He does not stand a chance of a getting a star in Fam Three. The empty storefront next door is in Fam Five, though.

I expect us to be playing whack-a-mole with this pandemic for a few years, and am worried some indulgences of modern life will never come back. For example, fine dining is damn-near-impossible to do virtually. I have a background in the hospitality industry, and have had the privilege to eat some amazing meals in my life. So this is personal.

Now by fine dining, I mean the by-definition pretentious, wasteful, and amazing conversation between diner and chef via the medium of tiny bites on giant white plates. A prix fixe or à la carte menu enjoyed with wine & company over a few luxurious hours. Including the dreaded communal table thing too, I guess. But how are we going to eat at fancy restaurants while we continue to socially distance? And how are restaurant employees going to get back to making a (modest) living? Take-out fried chicken & cocktails from a Michelin star place desperate for cash flow just ain’t financially sustainable. Crenn is doing fancy comfort food like it’s October of 2001, but how is she going to pay rent in Russian Hill on $55 per head?

Lately a lot of my research is connecting a company’s stock price with the digital exhaust left when we interact with the world. A challenging part of the job is controlling for the bias in a cohort of people. When is a group actually representative of a population, or actually random? So while I am nothing close to a computational epidemiologist, and while every machine learning & data scientist is pretending to be a virus expert this week, I have one idea that might help with fine dining while we are in social isolation.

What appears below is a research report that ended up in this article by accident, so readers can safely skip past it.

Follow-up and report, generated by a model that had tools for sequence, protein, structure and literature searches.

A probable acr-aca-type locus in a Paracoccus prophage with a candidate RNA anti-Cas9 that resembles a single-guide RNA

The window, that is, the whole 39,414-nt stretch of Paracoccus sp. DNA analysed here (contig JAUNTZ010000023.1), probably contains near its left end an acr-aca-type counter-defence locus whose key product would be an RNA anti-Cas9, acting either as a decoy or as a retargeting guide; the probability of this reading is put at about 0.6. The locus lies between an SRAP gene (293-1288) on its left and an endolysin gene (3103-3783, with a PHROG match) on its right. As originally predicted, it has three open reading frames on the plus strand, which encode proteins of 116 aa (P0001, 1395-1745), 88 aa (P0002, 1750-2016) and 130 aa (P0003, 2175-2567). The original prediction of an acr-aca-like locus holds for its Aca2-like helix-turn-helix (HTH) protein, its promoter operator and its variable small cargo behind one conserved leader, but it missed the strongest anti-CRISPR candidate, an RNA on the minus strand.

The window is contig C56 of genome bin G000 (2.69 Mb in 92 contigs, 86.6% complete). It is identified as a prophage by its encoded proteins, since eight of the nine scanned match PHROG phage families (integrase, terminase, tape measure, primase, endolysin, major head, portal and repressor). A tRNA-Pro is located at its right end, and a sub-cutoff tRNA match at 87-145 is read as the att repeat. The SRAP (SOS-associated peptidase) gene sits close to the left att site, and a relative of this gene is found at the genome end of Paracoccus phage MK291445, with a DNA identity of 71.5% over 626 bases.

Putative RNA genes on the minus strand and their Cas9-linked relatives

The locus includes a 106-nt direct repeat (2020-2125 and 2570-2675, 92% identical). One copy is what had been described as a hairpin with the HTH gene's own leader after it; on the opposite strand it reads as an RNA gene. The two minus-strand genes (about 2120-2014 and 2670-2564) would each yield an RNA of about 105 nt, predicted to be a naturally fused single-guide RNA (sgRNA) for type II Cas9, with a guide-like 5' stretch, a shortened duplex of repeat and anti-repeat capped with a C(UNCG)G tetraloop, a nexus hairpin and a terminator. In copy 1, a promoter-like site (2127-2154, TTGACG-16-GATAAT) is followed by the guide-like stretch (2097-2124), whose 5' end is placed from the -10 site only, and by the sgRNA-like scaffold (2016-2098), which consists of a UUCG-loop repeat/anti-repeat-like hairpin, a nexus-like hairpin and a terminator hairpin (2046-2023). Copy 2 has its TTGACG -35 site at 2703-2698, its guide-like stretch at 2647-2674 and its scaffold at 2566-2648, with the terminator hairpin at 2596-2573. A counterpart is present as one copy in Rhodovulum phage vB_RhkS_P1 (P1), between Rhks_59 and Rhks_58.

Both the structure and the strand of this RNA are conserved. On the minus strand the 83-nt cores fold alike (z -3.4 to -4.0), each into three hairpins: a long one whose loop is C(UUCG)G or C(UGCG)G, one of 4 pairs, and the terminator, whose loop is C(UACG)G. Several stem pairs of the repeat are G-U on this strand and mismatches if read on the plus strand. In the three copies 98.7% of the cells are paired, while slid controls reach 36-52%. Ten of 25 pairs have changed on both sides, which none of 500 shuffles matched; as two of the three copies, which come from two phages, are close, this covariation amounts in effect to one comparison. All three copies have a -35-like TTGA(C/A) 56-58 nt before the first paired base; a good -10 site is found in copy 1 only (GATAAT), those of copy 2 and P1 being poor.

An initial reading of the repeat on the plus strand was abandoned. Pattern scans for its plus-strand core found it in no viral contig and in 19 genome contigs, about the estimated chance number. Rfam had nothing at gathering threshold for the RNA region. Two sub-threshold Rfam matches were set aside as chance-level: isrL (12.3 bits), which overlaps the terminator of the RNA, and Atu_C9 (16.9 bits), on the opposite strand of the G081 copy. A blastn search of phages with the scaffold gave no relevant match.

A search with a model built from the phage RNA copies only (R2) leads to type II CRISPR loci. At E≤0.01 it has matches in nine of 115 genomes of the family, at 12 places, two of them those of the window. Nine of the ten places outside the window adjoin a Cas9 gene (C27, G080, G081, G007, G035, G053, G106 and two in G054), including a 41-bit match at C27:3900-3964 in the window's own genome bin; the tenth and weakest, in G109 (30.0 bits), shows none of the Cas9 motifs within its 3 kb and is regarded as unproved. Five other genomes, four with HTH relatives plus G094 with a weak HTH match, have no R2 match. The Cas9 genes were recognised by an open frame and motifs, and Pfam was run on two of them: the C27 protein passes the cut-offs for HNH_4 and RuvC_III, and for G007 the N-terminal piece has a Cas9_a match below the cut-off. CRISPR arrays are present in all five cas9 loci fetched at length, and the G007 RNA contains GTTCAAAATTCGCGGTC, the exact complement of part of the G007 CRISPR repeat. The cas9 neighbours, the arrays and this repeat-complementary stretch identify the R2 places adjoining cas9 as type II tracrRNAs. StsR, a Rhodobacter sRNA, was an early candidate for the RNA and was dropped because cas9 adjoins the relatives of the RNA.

Take a Number for Going Out

Imagine getting your driver’s license or passport checked at the entrance of a restaurant, where they confirm one simple fact: What is the last, right-most, least-significant digit of your mailing address? (Ignore fractions.) This digit is your membership in an slightly-different, in-real-life family — in which of ten virtual neighborhoods do you arbitrarily belong? And importantly, does your number match the last digit of the restaurant’s address? If the two IRL Fam numbers do not match, the restaurant would be mandated to refuse service. That’s it. Think through some implications of this simple restriction:

Maintains Social Isolation

When you go out to eat according to IRL Fam number, you are only ever physically near a fraction of the people in the world. And importantly, these people are always a semi-random subset of the same fraction of the population. The only people who are eating at the restaurant tonight are those who have the same number, those who are in the same IRL Fam. You might even get to know each other.